[zeromq-dev] content based routing for a thread pool

Lei Jiang lei.jiang.29 at gmail.com
Thu Nov 2 01:18:37 CET 2023

Hi Brett,

Thanks for the links to the documentation! I actually read them before but
should have read them more carefully. However, neither stated clearly what
the routing ID pattern is like. The man page says " one or more *routing id*
 parts, *delimiter* part, one or more *body parts*". I guess a simple chart
with each routing ID interleaved with an empty frame would make it really
easy to understand. The guide <http://zguide.wikidot.com/lua:chapter3> does
have that(fig 33, 34 and 35) just it takes a bit of time to digest.

Regarding the proxy() call marshalling should be light I totally agree.
Though the project I'm working on is just hobby, in my job industry there
are sometimes customers fussing about milli-second level delays. A long
multi-part message could potentially lead to embarrassing situations quite
easily. Even when the proxy code is fast, if something gets stuck in either
the request or the response, for example a slow DB query, a long delay can
be easily introduced. Here I must agree with you again that multi-part on
zmq_msg_t level is not a great idea. To have "multiplexing" capability it
would be better to implement a "session" layer on top of that with
start/end flags and sequence number etc. Regarding this, do you know how
reliable libzmq is? Will checksums, sequence numbers and acks be a waste
most of the time?

Another thing I like to say here is IMHO using empty frames as delimiter is
not a great idea, either. I did have extreme cases  when protobuf is
producing empty frames, though rarely in reality. Nevertheless, I think
mixing metadata with payload is against OO. Imagine there is a flag or type
we can get from zmq_msg_t to indicate if it's a meta data frame used by
libzmq, it could be much easier to separate the payload.


On Mon, Oct 30, 2023 at 11:58 PM Brett Viren <bv at bnl.gov> wrote:

> Lei Jiang <lei.jiang.29 at gmail.com> writes:
> > While putting together my code, I find it a bit hard to keep the
> implementation simple and efficient. For
> > example, the routing IDs are separated by empty frames as delimiters.
> According to some charts in the guide,
> > multiple IDs could be separated by multiple delimiters. This makes it
> impossible to identify message body
> > efficiently until all frames have been received
> This is a feature.  Multiple layers of routing can be accommodated by a
> sequence of these routing parts.    IIRC, the guide describes this as
> nested "envelopes".  The first ROUTER need only care about the first
> parts and should (must) leave any subsequent parts un-recv'ed.
> >  (BTW there does not seem to be a formal documentation on the
> > message formats?).
> The "ZMQ_ROUTER" section of the zmq_socket(3) man page documents the
> message schema that pertains to routing.  It is also defined by the
>   https://rfc.zeromq.org/spec/28/
> > Also it seems the send() calls will close the message being sent,
> > which I find a bit odd, too.
> zmq_msg_send(3) man page states this behavior and suggests to copy the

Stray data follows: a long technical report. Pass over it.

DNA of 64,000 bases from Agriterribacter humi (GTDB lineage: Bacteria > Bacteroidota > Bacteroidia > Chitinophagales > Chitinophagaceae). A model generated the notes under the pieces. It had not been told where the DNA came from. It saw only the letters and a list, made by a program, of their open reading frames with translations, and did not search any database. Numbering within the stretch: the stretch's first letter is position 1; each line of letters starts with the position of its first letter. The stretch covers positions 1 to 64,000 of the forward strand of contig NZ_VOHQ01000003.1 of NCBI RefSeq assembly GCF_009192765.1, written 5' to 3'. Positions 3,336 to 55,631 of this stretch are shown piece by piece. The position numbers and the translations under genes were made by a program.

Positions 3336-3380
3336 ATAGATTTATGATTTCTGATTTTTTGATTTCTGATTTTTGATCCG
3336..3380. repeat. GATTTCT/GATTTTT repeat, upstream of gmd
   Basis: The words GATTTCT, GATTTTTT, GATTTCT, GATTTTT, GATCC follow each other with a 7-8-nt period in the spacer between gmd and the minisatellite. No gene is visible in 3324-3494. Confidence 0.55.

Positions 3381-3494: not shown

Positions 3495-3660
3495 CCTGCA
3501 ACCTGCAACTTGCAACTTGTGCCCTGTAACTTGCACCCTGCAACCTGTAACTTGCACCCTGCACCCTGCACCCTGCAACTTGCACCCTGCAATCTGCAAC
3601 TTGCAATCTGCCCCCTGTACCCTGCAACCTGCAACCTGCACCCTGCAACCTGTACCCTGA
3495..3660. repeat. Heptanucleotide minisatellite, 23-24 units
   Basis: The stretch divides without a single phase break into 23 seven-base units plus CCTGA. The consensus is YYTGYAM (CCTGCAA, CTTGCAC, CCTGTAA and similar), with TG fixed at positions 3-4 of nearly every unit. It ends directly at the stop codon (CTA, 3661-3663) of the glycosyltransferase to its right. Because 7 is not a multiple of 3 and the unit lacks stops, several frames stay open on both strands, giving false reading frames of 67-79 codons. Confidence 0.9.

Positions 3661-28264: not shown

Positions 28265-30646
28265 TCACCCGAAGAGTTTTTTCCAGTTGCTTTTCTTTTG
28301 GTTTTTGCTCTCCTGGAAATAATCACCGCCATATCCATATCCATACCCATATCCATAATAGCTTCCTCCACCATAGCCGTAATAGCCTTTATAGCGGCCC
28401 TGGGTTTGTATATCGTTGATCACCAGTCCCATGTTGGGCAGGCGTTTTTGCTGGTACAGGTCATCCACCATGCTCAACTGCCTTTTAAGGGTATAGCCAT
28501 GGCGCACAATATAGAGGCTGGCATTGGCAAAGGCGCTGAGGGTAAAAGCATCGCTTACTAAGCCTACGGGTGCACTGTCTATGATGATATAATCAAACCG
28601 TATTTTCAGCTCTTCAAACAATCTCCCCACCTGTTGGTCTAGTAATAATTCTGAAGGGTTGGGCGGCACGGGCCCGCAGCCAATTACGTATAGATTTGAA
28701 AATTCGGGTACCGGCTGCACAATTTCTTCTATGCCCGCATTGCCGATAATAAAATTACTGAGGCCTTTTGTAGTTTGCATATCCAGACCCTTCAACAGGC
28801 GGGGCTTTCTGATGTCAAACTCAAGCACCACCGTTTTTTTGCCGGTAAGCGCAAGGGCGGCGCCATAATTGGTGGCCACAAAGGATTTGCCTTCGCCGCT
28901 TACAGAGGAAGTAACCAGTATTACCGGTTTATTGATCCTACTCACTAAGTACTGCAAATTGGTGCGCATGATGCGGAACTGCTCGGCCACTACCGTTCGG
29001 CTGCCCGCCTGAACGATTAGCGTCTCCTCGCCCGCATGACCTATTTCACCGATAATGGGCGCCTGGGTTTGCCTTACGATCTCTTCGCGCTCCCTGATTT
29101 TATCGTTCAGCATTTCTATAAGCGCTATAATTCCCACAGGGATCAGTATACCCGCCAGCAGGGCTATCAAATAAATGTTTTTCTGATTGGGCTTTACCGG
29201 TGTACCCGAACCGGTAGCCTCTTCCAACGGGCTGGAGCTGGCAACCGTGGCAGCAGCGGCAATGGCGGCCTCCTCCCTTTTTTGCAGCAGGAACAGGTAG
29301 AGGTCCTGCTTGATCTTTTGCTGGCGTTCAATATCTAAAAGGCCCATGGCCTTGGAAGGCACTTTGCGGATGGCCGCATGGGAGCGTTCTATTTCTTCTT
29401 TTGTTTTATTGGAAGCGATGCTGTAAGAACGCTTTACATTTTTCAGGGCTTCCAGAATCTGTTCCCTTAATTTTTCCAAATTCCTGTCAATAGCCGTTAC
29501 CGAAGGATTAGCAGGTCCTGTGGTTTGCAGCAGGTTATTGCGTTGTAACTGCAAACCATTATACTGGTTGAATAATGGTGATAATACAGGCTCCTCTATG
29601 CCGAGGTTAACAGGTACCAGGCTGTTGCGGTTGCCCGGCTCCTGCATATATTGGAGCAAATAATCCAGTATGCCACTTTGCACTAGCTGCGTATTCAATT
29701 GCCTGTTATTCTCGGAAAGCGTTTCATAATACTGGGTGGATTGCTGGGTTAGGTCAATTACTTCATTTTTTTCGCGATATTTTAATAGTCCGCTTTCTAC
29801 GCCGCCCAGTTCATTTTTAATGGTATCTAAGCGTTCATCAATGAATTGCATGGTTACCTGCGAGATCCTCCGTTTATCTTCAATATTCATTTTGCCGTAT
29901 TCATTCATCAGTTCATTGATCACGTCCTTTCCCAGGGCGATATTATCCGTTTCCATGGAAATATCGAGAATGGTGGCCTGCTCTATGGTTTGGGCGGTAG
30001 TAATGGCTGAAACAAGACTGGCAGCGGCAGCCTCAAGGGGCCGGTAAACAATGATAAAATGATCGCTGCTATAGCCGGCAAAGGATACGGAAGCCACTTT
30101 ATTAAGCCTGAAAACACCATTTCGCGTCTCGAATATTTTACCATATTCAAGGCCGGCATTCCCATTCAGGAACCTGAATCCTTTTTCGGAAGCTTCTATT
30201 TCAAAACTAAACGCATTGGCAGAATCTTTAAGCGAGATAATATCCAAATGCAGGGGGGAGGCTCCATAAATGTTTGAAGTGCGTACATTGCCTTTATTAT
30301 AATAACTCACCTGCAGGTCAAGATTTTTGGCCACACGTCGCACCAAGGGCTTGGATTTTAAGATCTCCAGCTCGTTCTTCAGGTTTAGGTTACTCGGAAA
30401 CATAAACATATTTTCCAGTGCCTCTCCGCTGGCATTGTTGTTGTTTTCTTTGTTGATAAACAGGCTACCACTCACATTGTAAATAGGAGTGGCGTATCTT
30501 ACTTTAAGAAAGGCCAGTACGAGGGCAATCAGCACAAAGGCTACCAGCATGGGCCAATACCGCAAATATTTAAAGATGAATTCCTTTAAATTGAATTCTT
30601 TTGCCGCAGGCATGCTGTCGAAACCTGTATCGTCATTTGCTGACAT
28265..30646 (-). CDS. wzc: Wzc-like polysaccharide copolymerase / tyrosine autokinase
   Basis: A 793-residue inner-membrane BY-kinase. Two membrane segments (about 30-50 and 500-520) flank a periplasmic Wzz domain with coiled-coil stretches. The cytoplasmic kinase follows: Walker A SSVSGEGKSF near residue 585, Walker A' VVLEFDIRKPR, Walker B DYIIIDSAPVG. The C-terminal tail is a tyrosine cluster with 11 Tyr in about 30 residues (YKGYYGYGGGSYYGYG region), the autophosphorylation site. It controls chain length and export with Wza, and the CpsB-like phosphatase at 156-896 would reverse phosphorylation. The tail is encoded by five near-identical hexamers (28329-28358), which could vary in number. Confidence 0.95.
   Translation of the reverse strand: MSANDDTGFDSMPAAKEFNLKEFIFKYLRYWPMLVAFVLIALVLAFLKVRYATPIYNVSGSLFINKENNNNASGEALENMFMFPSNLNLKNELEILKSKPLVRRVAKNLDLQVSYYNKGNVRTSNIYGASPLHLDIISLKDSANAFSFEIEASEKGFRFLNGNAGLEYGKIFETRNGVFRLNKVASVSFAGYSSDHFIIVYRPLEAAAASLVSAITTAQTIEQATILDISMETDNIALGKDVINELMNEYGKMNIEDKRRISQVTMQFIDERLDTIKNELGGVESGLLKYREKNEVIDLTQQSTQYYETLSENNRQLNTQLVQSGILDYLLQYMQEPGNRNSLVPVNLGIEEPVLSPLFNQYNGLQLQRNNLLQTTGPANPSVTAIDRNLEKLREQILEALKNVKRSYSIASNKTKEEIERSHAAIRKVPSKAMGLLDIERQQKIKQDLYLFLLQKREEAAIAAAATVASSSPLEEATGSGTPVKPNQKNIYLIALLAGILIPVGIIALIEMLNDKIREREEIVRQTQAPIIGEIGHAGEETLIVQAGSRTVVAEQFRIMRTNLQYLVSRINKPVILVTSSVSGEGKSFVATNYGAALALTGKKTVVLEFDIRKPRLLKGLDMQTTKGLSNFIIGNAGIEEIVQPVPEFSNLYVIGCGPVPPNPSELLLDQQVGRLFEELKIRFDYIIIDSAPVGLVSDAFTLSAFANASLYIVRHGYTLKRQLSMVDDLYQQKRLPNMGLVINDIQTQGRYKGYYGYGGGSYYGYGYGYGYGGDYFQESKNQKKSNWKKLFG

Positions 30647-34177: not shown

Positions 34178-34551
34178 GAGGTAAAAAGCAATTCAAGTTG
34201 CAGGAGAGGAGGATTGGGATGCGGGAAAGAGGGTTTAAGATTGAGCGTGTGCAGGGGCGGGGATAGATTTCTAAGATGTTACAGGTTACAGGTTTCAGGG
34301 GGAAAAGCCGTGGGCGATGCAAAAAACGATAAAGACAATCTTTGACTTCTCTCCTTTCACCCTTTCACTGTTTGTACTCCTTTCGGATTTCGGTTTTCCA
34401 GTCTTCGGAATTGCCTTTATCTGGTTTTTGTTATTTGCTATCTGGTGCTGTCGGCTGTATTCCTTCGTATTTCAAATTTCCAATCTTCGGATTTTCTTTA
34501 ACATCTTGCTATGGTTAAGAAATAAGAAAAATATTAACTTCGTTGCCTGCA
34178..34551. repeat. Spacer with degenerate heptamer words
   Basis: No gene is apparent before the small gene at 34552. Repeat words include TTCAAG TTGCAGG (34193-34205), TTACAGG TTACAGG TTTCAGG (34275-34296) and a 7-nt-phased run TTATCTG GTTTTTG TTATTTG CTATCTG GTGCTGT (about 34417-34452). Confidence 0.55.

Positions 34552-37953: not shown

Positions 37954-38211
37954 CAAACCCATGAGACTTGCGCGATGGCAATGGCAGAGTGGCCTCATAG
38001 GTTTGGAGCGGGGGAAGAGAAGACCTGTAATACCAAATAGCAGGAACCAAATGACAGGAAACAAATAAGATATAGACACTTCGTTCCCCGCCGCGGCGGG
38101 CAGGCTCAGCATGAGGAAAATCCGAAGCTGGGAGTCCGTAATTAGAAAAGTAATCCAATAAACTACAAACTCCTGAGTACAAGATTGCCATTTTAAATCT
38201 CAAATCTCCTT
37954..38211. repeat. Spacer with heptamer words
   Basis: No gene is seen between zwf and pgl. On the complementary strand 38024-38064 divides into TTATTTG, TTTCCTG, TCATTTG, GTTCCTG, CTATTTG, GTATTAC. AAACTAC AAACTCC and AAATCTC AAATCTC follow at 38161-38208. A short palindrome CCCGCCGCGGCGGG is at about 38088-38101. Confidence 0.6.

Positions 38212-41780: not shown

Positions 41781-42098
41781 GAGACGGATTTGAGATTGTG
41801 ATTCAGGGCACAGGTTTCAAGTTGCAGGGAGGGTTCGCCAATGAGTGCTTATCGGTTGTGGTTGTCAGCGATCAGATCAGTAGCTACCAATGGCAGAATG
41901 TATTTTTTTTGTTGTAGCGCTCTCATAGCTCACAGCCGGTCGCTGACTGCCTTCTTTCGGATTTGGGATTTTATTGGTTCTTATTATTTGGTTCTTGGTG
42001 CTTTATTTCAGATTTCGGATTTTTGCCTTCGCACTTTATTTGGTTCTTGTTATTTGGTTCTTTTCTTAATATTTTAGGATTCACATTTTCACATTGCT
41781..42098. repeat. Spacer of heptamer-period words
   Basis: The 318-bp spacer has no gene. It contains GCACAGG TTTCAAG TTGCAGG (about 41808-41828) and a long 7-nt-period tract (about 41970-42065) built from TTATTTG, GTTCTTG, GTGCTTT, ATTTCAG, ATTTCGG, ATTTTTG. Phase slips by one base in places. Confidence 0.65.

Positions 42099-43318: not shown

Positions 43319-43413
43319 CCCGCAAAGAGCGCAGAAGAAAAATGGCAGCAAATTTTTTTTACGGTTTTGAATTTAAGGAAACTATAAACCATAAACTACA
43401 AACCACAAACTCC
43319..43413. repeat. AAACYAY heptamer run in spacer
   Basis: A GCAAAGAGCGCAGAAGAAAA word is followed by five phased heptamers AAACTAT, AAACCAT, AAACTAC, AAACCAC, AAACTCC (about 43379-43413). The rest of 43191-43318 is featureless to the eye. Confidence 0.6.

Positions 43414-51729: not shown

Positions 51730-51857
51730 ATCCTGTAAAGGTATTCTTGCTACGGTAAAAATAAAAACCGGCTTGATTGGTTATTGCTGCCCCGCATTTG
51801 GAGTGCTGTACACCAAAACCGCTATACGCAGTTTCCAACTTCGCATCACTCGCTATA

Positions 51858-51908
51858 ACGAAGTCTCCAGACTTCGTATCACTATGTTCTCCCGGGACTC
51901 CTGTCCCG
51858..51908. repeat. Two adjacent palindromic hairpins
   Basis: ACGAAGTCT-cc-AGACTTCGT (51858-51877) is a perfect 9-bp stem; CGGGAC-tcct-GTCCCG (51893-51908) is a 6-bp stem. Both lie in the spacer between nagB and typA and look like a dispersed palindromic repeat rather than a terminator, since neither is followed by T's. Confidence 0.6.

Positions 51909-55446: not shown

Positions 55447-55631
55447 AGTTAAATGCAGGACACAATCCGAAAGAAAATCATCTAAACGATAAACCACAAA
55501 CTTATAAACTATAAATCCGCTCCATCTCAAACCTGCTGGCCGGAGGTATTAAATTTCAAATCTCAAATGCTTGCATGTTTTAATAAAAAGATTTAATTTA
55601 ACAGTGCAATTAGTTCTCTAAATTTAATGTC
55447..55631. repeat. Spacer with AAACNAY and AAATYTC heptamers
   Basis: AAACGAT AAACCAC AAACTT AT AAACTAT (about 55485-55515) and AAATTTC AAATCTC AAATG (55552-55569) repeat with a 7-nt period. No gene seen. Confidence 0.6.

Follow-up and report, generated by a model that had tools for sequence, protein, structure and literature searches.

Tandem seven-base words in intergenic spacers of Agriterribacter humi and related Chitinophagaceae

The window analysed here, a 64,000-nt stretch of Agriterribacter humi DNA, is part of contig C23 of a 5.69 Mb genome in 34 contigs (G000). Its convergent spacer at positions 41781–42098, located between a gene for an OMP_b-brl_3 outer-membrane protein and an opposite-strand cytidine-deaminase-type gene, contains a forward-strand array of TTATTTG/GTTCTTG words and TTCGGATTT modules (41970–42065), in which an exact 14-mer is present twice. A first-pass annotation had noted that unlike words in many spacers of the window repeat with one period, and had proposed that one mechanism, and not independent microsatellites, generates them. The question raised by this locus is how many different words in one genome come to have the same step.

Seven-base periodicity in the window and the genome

> message object if you wish to send it multiple times.  (In general,
> ZeroMQ is very good at stating these details in man pages and RFCs).
> I don't know this internal detail myself but I have always assumed this
> is done so that the socket internals may avoid a copy in the more common
> case of sending a message to a single socket.
> > Another thing I find is that it's quite hard to make good use of
> features like zero-copy and multi-part
> > messages. When having hops, every hop will at least require an
> additional copy. For the multipart,
> > originally I thought I could use it for responses with unknown lengths.
> But then I realized because the
> > proxy code can't serve any other peer until current request or response
> is finished, it will for sure block
> > everyone else. The only remedy I can think of is for every packet to
> carry ID or routing data instead of
> > using the "more" flag. So in reality the best use of multipart is
> probably to carry different parts/fields
> > of requests/responses.
> Except for the requirements of ROUTER, the application is free to do
> what it wants in defining messages schema.
> In making such definitions one contends with how explicit or implicit to
> get.  Eg, should the message schema have some amount of self-description
> or are endpoints more trusted to "do the right thing".
> To give you a flavor, here is an example of an "opinionated" message
> format I've used in the past:
>   https://brettviren.github.io/zio/messages.html
> Warning: this format is NOT at all as well thought out as it should be.
> It also has some application-specific parts at levels that makes it not
> generally useful.
> > Lastly, regarding the proxy being single threaded, I think that's a
> > must? As the stable versions don't support accessing sockets from
> > different threads, the bridging code of any 2 sockets must run in a
> > single thread.
> Yes.
> But a "proxy" is typically not doing much work other than:
>   recv() -> [marshal] -> send()
> If the "[marshal]" code becomes so computationally expensive as to
> require multiple threads in order to keep up with the message rate from
> the proxy's clients then perhaps the architecture needs rethinking.
> For example, the "[marshal]" code can become a gateway to multi-threaded
> (or even multi-process) workers.  Eg, "[marshal]" could be made to be
> also a "client" in a MDP/PPP pattern.  Such "[marshal]" code would best
> to use a poller watching both its own client socket and the socket used
> to talk to the MDP/PPP "broker".  Then, the code inside the [marshal]'s
> main loop that is servicing that poller will become a rather fast path
> that can run in a single thread.
> -Brett.
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